• FIG. 3 is a block diagram of a scanning device with which the illustrative embodiments may be implemented. Scanner 300 is a device that captures a digital image of an object. In this illustrative example, scanner 300 is implemented using a charged-coupled device (‘CCD’) array. The CCD array is a collection of tiny light-sensitive diodes, which convert photons into electrons. Each diode is called a photosite and is sensitive to light—the brighter the light that hits a single photosite, the greater the electrical charge that will accumulate at that site. The image of the object scanned reaches the CCD array through a series of mirrors, filters and lenses. The exact configuration of these components will vary from one embodiment to another. Scanner 300 includes one or more lamps 306 to illuminate the object. The lamps may be implemented using cold cathode fluorescent lamps (‘CCFL’), xenon lamps, standard fluorescent lamps, diodes, or any other implementation as will occur to those of skill in the art. The size and number of lamps may be configured in scanner 300 in any number of ways as will occur to those of skill in the art to provide varying levels of granularity regarding the portion of scanning surface 302 illuminated by the lamps. In some embodiments, only the lamps directly beneath the object being scanned will be turned on to prevent obscuring any remaining portions of the surface during the scanning process.
  • Scanner 300, which includes the mirrors, lens, filters, CCD array, lamps, and so on, moves across the underside of scanning surface 302 by a belt that is attached to a stepper motor. Scanner 300 is attached to stabilizer bars 304 to ensure that there is no wobble or deviation as the scanner passes beneath scanning surface 302. As scanner 300 passes beneath an object placed on scanning surface 302, the image of the object is reflected through a series of mirrors onto a lens. The lens splits the image into three smaller versions of the original. Each smaller version passes through a color filter, which is either red, green, or blue, onto a discrete section of the CCD array. Scanner 300 then combines the data from the three parts of the CCD array into a single full-color image.
  • Although scanner 300 is described above using CCD technology, other scanning technologies may also be useful in embodiments of the present invention. For example, a scanner in some embodiments may be implemented using contact image sensor (‘CIS’) technology. CIS technology replaces the CCD array, mirrors, filters, lamp and lens with rows of red, green and blue light emitting diodes (‘LEDs’). The image sensor mechanism, consisting of hundreds or thousands of individual sensors spanning the width of scanning surface 302, is placed very close to scanning surface 302 on which the object rests. When the object is scanned, the LEDs combine to provide white light. The illuminated image of the object is then captured by the row of sensors. Still further, readers will appreciate that other scanning technologies may be used. The CCD scanner and the CIS scanner described above are for explanation only and not for limitation.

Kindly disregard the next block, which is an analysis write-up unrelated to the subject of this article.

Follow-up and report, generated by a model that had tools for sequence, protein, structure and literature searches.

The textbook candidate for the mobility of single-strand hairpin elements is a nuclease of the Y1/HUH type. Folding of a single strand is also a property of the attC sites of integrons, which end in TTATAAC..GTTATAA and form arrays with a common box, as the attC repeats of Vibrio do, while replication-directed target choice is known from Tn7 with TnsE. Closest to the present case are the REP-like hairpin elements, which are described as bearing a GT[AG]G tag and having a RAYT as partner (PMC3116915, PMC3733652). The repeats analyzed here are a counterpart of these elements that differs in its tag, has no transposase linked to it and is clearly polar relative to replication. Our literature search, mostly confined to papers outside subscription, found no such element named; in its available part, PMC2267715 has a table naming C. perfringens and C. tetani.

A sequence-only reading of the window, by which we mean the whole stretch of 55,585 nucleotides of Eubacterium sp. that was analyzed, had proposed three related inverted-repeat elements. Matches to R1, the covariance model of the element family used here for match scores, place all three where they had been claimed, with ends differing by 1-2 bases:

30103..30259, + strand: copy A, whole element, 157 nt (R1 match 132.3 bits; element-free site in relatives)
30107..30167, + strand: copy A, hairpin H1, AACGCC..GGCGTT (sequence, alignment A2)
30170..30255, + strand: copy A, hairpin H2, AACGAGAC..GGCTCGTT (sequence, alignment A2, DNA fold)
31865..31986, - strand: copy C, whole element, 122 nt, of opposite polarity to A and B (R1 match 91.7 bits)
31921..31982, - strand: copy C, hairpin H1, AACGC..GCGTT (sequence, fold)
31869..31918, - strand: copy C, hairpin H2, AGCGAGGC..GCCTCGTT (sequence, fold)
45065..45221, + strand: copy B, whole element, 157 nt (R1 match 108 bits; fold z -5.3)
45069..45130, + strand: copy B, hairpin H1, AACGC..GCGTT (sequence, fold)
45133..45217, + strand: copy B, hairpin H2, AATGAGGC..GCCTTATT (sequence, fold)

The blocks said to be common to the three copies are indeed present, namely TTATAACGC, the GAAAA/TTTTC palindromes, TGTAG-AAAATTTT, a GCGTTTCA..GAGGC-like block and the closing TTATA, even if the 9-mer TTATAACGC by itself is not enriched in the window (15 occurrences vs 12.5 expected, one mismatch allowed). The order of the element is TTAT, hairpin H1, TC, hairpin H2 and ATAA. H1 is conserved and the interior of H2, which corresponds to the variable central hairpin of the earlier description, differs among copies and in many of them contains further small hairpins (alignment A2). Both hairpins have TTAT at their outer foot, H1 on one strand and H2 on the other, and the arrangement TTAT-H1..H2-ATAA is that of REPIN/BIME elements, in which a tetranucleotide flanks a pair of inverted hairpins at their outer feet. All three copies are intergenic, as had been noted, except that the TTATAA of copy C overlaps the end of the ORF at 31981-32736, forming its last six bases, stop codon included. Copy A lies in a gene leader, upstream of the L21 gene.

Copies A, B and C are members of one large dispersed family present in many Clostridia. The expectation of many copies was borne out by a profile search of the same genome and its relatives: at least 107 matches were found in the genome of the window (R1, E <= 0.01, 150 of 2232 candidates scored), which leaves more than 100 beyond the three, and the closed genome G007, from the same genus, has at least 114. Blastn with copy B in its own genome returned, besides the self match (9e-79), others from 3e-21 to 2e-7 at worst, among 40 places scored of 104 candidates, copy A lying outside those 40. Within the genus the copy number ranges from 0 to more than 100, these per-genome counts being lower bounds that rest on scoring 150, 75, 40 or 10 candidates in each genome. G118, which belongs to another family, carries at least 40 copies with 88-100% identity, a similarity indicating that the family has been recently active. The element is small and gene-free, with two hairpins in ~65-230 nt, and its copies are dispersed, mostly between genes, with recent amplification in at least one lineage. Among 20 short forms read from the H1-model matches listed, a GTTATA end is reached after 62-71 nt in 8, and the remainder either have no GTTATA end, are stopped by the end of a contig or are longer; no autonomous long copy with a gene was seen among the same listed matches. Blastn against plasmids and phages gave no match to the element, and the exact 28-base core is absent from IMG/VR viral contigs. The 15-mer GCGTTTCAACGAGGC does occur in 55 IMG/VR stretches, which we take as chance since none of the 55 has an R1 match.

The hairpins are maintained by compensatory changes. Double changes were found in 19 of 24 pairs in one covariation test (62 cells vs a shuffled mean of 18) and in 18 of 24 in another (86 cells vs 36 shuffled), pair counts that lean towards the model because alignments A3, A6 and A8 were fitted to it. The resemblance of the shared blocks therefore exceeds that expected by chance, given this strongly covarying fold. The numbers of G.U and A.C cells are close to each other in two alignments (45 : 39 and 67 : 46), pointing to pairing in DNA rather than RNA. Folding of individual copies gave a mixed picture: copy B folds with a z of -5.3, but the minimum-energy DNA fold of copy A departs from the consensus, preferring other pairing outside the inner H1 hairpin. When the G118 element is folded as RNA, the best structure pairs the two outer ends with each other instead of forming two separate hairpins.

• Scanning computer 300 also comprises residue detection lamp 310. Residue detection lamp 310 is used to illuminate the residue deposited on the object. In one embodiment, residue detection lamp 310 may comprise a UV light-emitting diode. A UV light-emitting diode within scanner 300 emits light capable of inducing fluorescence in residue comprising UV fluorescent ink. In another embodiment, residue detection lamp 310 may comprise a micro-x-ray fluorescence lamp. A micro-x-ray fluorescence lamp within scanner 300 emits x-rays that are absorbed by chemical elements in the residue at specific frequencies in the light spectrum. Although particular implementations of residue detection lamp 310 are described above, it should be noted that any residue detection device capable of generating a light source that causes residue deposited on the object to illuminate and emit a response that is captured by photoreceptors 314 in the scanner may be used.